I can’t wait to see which private partners will emerge from the auction to join California in a green and renewable path forward and to mitigate impacts to ensure a great outcome for people, coastal resources and the planet.”

Anyone interested can monitor the bidding throughout the Tuesday auction on BOEM’s website at It begins at 7 a.m. and will continue until each lease area has no more than one live bid, according to BOEM spokesperson John Romero.


A total of 43 companies were qualified to bid on the two offshore lease areas, according to BOEM’s October final sale notice. The companies range from subsidiaries of oil and gas giants to companies solely focused on offshore wind or renewable energy development.

Should the bidding continue late in the day, BOEM could call a recess and pick it back up again the next day, Romero told The Tribune.

BOEM will increase or decrease the bidding increments “as it deems appropriate,” Romero added.

The cash raised from the auction will go directly to the U.S. Treasury general fund, Romero wrote.

Bids for the leases start at $100 per acre and are expected to grow substantially from there. A February auction for offshore wind energy ocean space near New York generated as much as $10,696 per acre, bringing in a total of $4.37 billion, according to the U.S. Department of the Interior.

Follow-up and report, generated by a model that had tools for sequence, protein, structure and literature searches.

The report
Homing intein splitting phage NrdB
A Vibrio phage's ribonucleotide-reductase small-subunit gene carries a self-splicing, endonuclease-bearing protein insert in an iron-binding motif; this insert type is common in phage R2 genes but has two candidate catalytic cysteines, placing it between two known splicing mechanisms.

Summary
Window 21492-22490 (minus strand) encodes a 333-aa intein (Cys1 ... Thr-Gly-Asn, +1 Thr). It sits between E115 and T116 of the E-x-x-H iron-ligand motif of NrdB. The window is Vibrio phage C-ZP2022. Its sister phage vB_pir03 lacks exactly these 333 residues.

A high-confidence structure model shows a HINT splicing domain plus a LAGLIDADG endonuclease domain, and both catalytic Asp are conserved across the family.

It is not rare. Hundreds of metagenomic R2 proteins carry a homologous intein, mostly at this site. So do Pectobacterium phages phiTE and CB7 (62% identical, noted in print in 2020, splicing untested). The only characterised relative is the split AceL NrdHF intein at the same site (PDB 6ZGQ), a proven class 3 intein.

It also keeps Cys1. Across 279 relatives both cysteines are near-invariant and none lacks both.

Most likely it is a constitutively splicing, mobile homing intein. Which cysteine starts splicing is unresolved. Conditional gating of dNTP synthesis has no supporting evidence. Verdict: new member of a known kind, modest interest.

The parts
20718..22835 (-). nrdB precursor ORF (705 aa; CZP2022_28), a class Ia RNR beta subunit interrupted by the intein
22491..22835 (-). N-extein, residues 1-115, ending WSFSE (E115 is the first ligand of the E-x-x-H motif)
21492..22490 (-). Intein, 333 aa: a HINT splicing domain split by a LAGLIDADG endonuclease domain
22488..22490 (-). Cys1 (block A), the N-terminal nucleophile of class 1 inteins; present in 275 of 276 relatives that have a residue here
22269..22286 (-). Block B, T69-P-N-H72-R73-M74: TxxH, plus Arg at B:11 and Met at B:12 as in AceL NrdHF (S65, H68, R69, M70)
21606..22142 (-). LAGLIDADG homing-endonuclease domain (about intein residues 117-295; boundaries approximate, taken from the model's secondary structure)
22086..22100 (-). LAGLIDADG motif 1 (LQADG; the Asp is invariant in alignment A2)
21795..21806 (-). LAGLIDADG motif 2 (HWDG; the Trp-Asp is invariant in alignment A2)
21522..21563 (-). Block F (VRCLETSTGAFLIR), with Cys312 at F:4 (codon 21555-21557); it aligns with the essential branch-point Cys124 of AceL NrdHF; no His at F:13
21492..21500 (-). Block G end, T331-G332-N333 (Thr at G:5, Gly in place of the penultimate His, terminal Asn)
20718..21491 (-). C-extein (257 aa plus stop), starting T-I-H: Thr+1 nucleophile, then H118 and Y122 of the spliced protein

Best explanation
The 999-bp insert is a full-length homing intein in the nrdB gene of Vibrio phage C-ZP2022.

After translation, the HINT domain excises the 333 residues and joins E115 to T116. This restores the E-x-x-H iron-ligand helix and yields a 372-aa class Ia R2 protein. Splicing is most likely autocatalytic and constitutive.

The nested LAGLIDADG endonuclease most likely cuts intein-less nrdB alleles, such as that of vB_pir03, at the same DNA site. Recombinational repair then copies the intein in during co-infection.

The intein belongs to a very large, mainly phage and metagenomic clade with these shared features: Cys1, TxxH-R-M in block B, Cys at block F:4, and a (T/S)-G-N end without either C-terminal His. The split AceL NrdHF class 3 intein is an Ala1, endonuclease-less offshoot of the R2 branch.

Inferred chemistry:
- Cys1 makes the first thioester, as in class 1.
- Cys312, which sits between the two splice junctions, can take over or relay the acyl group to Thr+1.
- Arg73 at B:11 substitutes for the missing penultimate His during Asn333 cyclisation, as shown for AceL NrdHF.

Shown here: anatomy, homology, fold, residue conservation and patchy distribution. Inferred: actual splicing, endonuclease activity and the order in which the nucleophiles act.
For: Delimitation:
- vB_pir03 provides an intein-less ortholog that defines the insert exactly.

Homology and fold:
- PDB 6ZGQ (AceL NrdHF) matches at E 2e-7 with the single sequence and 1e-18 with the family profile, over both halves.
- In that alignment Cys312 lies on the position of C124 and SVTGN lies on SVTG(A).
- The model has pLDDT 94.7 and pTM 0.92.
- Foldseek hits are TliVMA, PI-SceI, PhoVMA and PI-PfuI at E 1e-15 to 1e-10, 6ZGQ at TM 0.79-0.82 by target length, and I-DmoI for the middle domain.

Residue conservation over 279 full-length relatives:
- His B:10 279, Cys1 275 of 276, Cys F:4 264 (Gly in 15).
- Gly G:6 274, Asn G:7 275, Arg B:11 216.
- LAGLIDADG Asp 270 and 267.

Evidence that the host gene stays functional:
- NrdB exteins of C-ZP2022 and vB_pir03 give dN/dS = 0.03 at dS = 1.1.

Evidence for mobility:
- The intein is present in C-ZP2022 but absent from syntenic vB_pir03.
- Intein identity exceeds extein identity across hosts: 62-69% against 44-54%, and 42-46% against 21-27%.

Companies can qualify for bidding credits, or a certain percentage discounted from their winning bid. Up to 20% off could be awarded should the winning company show that it will establish a pathway for offshore wind energy workforce training, supply chain development or a combination of the two.

Another 5% could be awarded off the winning bid if the company shows it has entered into agreements with communities, industries and tribes that have historically used and benefited from the ocean waters set for offshore wind energy development.

Should a company win a lease area, that doesn’t mean it can begin construction on a wind energy development right away. The company will have up to a year to submit site assessment plans to BOEM, which outline how the company will evaluate the site for potential development down the line.

Then, companies will have up to five years to submit a construction and operations plan outlining how they will develop and maintain the ocean space.

Throughout the entirety of the project timeline, the companies will have to earn permits from local, state and other federal bodies before any ocean activity or development takes place, according to Romero.

BOEM officials have previously said they wish to have floating wind turbines in the Pacific Ocean by 2030.

Energy captured by offshore wind turbines on the Central Coast would be transmitted by cable to shore, where it could connect to California’s grid through either the Morro Bay Power Plant or Diablo Canyon nuclear power plant, which is scheduled to close in 2025. Floating turbines would be connected by cables and anchored to the ocean floor. U.S. Bureau of Ocean Energy Management